Google uses similar algorithms to return personalised search results, based on previous search behaviour and internet use (mediated by cookies, I believe). Pariser got some friends to use Google to search on “Egypt”, and was surprised by the wide disparity in the results Google returned. Pariser’s view was that most people’s ignorance of this made it quite dangerous.

I can understand the need for Google and others to use their algorithms to filter what they show us. There is simply so much information that we couldn’t process it without some filtering. The problem is that most people aren’t aware that it is happening. (Nor would most care. Probably.) They are also trying to make money, which they do by having us click on adverts and paid links – so obviously the will show us the links which will make them most money.

Worse than filtering, though, he said that by mining our friends’ data, companies (or, perhaps, government agencies?) are able to predict our own behaviour with 80% accuracy – without recourse to us at all. Credit rating agencies could use this to assess one’s credit worthiness, for instance, or insurance companies the risk of a claim – and since it is not based on our data, we would have no influence over it (and nor might it be covered by privacy legislation). This week, WPP, the world’s largest ad agency, announced that it has built the world’s largest database to track our use of the internet, and the London Evening Standard reported that

Google has been hit with a lawsuit by an Irish hotel… one of the first results via Google’s autocomplete function would have been “receivership”. There are no stories or links suggesting the hotel is in receivership… the hotel points out that Google Instant’s suggestion was bad for business

These corporations are only accountable to shareholders – not to us, and not to those whose results they demote or incorrectly list.

I find this disturbing, and perhaps awareness of the ways corporations use data is one way to combat it, the price of freedom being eternal vigilance. Pariser felt that the filter bubble represents a threat to democracy, since a functioning democracy needs informed citizens to exercise their choice. He may be right, but my guess is that people are much better informed of the world around them because of Google than they were before its advent.

It is the almost accidental way that Google, Facebook and others are editing – or personalising – our web experience that is worrying. When I buy a newspaper or watch a tv news programme or documentary, I am aware of the editorial influence. The algorithms designed to filter the web are unthinking and data driven. Their designers are engineers (probably male, probably white, possible lacking in emotional intelligence and with a strong a belief in rationality). Pariser said there is a view amongst the technocrats that privacy is over – all our information will be out there, and we can’t control it (although those with wealth and power may have more chance than others). This may produce a beneficial panopticon, bringing back village values to the global village; but do we want to live in a prison?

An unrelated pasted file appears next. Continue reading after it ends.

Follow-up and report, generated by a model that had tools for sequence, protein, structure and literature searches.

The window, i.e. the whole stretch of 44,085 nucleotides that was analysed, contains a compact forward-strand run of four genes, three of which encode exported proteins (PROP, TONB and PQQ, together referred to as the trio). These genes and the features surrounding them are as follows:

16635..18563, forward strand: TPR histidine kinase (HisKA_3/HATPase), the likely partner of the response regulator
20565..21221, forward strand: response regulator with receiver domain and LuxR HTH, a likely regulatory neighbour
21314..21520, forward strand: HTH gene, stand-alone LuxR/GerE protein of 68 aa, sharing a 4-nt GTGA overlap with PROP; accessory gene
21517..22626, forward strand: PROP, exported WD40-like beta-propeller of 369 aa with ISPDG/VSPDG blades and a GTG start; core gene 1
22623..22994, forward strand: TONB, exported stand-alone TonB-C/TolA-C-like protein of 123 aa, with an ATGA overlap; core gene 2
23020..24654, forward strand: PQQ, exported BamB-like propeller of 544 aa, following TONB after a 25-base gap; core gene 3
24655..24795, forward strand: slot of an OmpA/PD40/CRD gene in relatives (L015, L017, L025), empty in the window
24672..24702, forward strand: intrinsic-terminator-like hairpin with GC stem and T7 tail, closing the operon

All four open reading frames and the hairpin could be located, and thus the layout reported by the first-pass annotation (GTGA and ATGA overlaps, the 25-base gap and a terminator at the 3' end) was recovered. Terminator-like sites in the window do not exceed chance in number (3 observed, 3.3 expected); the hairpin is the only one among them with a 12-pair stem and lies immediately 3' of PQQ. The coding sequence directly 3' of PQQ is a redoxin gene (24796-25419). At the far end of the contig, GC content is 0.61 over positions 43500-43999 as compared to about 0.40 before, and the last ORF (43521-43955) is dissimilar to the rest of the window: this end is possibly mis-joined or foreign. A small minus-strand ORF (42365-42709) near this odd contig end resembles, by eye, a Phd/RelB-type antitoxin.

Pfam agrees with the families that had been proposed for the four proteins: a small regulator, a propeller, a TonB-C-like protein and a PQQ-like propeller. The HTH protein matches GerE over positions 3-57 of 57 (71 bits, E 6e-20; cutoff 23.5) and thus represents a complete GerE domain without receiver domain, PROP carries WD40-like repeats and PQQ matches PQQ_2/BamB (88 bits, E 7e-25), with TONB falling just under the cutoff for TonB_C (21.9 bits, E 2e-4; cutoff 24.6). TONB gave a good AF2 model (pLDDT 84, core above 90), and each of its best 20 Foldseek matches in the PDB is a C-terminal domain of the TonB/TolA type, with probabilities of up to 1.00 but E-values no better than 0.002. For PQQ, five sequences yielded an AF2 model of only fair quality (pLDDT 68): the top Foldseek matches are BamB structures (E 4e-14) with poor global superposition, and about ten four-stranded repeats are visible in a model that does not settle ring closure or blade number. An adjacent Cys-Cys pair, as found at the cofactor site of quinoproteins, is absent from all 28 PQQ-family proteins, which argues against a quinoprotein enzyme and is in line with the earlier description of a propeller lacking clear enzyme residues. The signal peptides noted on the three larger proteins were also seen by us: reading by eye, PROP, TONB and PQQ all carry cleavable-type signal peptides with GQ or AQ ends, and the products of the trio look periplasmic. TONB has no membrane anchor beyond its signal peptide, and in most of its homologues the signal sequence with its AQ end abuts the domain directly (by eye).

I was discussing Pariser’s talk with David Jennings, who pointed out that he’d written critically about the idea of the filter bubble a few years ago. I don’t dispute David’s three objections – that the filtering is far from perfect (Rory Clellan Jones tried to repeat Pariser’s experiment by getting his friends to use Google to search for the same search terms, and Google returned the same links to everyone); if it were perfect, we’d get bored of it, and corporations would have to engineer in serendipidity; and we can see further than our computer screens – we know there are different views out there, and we have a variety of other news sources.

I still find the filter bubble disquieting: there are huge issues around the use of our own and others’ data in this way. It is people’s ignorance of it – the fact that most people won’t care – that worries me. Maybe I need a new tag for this blog – “paranoia”…

(Pariser’s website recommends 10 ways to pop your filter bubble.)

Changing Education: “Education for Uncertain Futures”

I have spent many months over the past few years working with public servants in the Scottish Government on change programmes in the education sector. I wasn’t designing or leading the change – there were pedagogues to do that – but I was responsible for programme management of some workstreams.